As you pursue your vision for learning, get to know where your community and your staff are with respect to following that path. Jim McKenzie shared a helpful exercise (the Four Rooms of Change) that has helped us listen to our staff as we lead them through change and in pursuit of our vision for learning. Who are your innovators who need to be trying something new? Who can teach others? Who will be anxious along the way and need time to see it unfold and read enough supplementary material to understand and commit? Who might be a bit of trouble coaxing out of the gate? Can you get 100% buy-in? I don’t think it’s likely, but knowing what your staff need (ask them!!) will go a long way in supporting them and valuing their experience of following. I’ve also been surprised (though I shouldn’t be) that outside life events will significantly influence who is following your vision and how. Keeping your eyes and ears open to the personal lives of your staff will help you to understand seemingly resistant behaviours that may be evidence of a full ‘stress’ bucket due to other things they may be dealing with.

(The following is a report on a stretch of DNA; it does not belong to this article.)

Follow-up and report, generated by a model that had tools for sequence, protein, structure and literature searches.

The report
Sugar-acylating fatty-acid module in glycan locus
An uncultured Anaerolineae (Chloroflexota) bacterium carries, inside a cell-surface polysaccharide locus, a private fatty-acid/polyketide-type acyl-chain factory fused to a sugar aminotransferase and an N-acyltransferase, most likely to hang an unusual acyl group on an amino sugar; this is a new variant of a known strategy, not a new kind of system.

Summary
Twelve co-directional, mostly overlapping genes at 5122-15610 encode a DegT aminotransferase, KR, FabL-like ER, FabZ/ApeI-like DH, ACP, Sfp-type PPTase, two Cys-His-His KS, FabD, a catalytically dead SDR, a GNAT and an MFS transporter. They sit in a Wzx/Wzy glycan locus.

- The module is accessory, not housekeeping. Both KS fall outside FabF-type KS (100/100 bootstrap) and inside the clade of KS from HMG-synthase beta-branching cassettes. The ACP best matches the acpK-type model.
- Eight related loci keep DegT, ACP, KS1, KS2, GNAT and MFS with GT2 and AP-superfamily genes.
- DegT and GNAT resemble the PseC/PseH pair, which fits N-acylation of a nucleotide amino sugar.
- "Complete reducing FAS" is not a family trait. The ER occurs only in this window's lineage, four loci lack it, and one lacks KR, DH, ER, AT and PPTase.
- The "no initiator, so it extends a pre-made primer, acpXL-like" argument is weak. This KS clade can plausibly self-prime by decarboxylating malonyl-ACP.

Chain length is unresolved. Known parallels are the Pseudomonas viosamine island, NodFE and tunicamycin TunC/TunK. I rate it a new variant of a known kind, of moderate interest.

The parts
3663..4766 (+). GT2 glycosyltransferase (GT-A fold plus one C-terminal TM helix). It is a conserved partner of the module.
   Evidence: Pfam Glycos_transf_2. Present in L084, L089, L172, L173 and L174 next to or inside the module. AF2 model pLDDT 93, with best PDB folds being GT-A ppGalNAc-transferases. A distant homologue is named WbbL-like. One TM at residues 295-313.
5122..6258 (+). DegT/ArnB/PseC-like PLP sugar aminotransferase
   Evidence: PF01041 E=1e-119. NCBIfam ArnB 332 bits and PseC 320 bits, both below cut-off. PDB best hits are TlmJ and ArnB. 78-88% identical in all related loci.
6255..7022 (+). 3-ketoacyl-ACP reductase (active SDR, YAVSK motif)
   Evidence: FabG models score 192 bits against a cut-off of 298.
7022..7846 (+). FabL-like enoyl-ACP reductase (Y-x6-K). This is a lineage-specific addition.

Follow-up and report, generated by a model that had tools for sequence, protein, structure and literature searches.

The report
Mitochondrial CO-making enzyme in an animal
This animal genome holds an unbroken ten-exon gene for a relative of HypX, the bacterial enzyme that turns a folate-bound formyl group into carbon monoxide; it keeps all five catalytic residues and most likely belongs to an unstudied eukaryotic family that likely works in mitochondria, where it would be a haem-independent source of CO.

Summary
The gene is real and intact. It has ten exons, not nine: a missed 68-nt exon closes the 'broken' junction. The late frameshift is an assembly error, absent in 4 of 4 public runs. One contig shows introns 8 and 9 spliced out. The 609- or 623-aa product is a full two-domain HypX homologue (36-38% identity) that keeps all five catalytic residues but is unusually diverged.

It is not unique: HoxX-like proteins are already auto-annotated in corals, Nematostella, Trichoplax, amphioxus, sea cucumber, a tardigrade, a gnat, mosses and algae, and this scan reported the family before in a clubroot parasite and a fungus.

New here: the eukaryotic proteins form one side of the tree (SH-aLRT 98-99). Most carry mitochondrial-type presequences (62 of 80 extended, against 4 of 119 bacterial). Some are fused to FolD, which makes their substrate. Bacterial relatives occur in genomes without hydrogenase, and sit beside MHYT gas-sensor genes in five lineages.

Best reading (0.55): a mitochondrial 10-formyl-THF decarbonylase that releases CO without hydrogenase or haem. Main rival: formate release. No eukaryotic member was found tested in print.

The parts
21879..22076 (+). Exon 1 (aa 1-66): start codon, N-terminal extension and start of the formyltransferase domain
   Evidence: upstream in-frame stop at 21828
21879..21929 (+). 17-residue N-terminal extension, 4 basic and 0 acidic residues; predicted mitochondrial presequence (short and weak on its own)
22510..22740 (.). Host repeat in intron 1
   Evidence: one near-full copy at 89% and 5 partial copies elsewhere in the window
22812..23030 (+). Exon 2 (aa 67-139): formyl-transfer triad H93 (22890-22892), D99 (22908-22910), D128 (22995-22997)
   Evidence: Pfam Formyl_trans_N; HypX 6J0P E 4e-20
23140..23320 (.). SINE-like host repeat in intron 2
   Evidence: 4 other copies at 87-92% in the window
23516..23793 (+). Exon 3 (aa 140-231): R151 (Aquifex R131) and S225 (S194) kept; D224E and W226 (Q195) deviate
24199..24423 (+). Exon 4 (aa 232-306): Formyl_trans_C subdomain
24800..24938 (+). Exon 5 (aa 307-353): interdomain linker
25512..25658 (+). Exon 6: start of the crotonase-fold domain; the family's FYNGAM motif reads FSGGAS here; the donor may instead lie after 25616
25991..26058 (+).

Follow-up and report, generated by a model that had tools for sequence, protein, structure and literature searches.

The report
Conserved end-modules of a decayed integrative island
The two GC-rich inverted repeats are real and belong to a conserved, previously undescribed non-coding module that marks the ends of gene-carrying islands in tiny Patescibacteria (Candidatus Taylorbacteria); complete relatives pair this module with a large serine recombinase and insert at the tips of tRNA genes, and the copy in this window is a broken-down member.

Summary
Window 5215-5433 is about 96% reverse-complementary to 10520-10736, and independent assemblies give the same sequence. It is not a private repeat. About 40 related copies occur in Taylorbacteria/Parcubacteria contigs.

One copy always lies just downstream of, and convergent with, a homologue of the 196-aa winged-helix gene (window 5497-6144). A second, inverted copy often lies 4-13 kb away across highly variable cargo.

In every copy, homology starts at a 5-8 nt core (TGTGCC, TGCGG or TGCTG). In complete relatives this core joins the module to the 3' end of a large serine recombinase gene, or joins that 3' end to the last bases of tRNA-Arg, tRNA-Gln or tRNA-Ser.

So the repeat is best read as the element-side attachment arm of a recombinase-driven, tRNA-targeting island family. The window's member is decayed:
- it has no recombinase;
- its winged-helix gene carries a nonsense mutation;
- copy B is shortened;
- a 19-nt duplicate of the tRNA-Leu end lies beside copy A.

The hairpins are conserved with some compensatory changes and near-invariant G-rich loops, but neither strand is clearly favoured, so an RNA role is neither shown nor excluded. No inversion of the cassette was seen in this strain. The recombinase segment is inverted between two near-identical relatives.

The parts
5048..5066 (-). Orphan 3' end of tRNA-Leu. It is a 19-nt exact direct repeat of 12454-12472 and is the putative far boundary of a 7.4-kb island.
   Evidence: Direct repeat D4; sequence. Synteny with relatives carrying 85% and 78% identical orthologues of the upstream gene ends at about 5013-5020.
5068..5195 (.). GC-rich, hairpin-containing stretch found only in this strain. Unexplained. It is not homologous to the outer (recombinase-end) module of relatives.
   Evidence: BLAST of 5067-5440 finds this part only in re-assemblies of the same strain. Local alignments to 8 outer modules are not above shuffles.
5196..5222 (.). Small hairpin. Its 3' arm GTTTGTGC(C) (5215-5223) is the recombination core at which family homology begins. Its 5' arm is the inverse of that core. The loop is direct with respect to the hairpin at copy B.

Leading a learning vision can’t be reduced to a simple one-liner, and these five points of advice don’t do full justice to the complexities and nuances of pursuing a long-term goal that will bring continuous and beneficial change to your school. I don’t want to underestimate the wisdom of Tim's advice or experience, either, though. As you head into this week, month, or year, you will work with complex plans and experience inevitable moments of frustration as you herd your group of cats. Picture a friendly, empathetic, passionate camp counsellor telling you to ‘pull, don’t push’ with a twinkle in his eye. And perhaps allow yourself to be a bit nervous and excited about the surprises you will experience or even engineer along the way.